Zoom in: the many facets of Indian photographic art
They say “A picture is worth a thousand words”, and there are no truer words because photography allows you to walk in a sea of imagination and come out of it with many interpretations. This is the experience of visiting the current exhibition, Drishti: Seventy-Five Years of Indian Image-Making.
Celebrating India’s 75th Independence Anniversary – highlighting India’s journey as a nation through the visual narrative of photography – and capturing modern India in its truest sense are the exposed frames. “Photographs are almost like a work of art, and that’s why a lot of photographers have started calling themselves artists these days,” says travel photographer Ahtushi Deshpande, whose work is on display at the show. “When you click on an image, you capture a slice of reality that will almost never exist again. It starts from your vision, from your point of view, and then someone will end up liking it for a completely different reason. beauty lies in the thought that images are not limited to a specific expression or imagination, but have infinite expression,” adds Deshpande.
The two-part showcase features selected works from 82 eminent photographers and image makers from across the country. From photojournalists who began their careers in the 1940s to emerging modern-day photographers, artists from a variety of genres were featured. The works on display are so diverse that they include almost everything from fashion and travel to culture and wildlife. “My photo featured in the show is one I took in Ladera, Rajasthan with a German belly dancer and yogi. With the setting sun as a backdrop, the dancer is seen playing with the sand, which who took such a beautiful shot,” recalls photographer Akash Das, speaking of his click. He adds: “It’s a photo I took for a campaign on India’s tourist wealth. was to capture the spirit of a foreign tourist, who comes to India and falls in love with the place. It’s beautiful to see them becoming more local than the locals themselves as they start to dress up and to eat like locals.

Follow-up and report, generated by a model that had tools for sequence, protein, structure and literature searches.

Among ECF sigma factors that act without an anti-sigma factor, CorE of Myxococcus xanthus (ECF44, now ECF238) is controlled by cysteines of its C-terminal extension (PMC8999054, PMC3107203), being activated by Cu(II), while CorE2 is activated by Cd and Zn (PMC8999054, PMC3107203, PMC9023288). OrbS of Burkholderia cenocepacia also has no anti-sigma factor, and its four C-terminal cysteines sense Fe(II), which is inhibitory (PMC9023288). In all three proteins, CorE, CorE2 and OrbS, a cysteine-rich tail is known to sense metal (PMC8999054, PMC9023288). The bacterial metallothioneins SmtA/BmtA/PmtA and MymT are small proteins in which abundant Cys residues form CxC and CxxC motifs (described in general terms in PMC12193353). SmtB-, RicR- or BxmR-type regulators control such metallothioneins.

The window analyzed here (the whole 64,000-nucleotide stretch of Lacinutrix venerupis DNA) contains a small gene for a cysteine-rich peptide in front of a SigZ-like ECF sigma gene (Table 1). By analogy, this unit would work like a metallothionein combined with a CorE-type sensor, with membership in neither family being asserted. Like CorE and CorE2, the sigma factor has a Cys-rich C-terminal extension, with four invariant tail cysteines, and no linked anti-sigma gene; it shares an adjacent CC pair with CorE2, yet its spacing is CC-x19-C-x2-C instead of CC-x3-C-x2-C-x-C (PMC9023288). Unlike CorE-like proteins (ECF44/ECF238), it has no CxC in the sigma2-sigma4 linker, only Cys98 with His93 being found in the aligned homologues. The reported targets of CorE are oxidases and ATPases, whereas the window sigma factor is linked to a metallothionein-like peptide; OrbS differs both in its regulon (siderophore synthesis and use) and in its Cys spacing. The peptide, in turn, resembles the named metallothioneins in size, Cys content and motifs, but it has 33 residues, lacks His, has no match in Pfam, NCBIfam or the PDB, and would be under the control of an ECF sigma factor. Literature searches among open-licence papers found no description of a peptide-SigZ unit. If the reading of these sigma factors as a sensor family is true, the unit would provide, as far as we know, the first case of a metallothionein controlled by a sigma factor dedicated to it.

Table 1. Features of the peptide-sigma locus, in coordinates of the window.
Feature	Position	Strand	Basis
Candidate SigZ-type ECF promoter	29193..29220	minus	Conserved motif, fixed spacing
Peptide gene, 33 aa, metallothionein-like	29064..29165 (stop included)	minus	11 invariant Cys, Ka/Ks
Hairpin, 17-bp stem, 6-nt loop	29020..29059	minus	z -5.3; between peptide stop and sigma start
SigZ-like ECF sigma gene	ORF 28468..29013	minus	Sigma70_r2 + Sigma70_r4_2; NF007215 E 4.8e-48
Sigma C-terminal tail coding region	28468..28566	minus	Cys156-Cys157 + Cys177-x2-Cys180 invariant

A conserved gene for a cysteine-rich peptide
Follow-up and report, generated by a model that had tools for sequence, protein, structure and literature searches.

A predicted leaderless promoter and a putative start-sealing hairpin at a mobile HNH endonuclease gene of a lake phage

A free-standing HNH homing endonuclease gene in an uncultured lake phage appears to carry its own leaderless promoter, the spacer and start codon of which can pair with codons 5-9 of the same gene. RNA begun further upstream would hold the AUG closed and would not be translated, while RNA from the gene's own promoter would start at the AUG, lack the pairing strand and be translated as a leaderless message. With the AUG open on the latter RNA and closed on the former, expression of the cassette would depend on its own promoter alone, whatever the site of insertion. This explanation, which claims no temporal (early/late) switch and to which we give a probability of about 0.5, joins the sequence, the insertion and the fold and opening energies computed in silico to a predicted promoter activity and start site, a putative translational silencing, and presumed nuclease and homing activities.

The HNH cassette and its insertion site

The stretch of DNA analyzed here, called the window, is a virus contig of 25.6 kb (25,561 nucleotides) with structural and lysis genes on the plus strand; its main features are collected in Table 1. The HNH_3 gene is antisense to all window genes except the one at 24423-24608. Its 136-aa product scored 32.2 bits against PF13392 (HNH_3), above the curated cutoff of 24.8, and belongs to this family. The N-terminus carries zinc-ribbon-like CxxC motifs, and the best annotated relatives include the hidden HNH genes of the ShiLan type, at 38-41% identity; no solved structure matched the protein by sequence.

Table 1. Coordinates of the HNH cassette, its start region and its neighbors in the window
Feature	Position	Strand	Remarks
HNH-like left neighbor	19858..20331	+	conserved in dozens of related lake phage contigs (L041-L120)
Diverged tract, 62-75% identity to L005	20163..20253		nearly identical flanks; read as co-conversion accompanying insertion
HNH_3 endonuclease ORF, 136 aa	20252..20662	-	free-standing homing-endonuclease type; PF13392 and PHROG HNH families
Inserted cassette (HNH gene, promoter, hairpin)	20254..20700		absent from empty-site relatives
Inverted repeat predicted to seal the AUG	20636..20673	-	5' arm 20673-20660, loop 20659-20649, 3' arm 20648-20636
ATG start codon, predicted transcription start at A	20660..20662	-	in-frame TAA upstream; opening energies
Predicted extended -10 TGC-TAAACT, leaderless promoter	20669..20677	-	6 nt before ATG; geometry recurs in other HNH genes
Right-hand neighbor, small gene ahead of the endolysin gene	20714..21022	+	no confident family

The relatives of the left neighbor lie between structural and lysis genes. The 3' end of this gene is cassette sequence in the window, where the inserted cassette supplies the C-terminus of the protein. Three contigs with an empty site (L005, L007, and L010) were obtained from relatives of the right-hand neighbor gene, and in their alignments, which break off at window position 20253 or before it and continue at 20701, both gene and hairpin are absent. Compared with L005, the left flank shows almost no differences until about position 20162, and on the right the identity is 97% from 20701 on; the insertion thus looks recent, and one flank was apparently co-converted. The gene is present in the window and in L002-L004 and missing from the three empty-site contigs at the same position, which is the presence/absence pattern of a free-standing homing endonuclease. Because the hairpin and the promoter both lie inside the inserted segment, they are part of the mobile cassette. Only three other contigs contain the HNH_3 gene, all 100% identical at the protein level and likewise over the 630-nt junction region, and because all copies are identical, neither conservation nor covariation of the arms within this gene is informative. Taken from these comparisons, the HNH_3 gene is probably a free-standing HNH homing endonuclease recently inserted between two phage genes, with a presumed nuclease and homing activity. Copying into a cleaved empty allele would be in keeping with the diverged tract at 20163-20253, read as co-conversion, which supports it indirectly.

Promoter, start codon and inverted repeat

It is this ability of opticians to discover the many hidden aspects that has earned them the spotlight at this show. “Photographers are visual historians of time and the photographs they capture are often visual histories, which have an open interpretation and understanding of how things change over time,” says Aditya Arya, photographer and curator of the exhibition, adding, “As India celebrates 75 years of independence, the idea was to celebrate the art and craft of photography across all genres.
Catch it live
What: Drishti: Seventy-Five Years of Indian Image-Making
Where: Museo Camera Center for the Photographic Arts, Sector 28, Gurugram
Until: October 30
Hours: 11 a.m. to 7 p.m.
Nearest metro station: Sikanderpur on the rapid metro
Author tweets @Karansethi042
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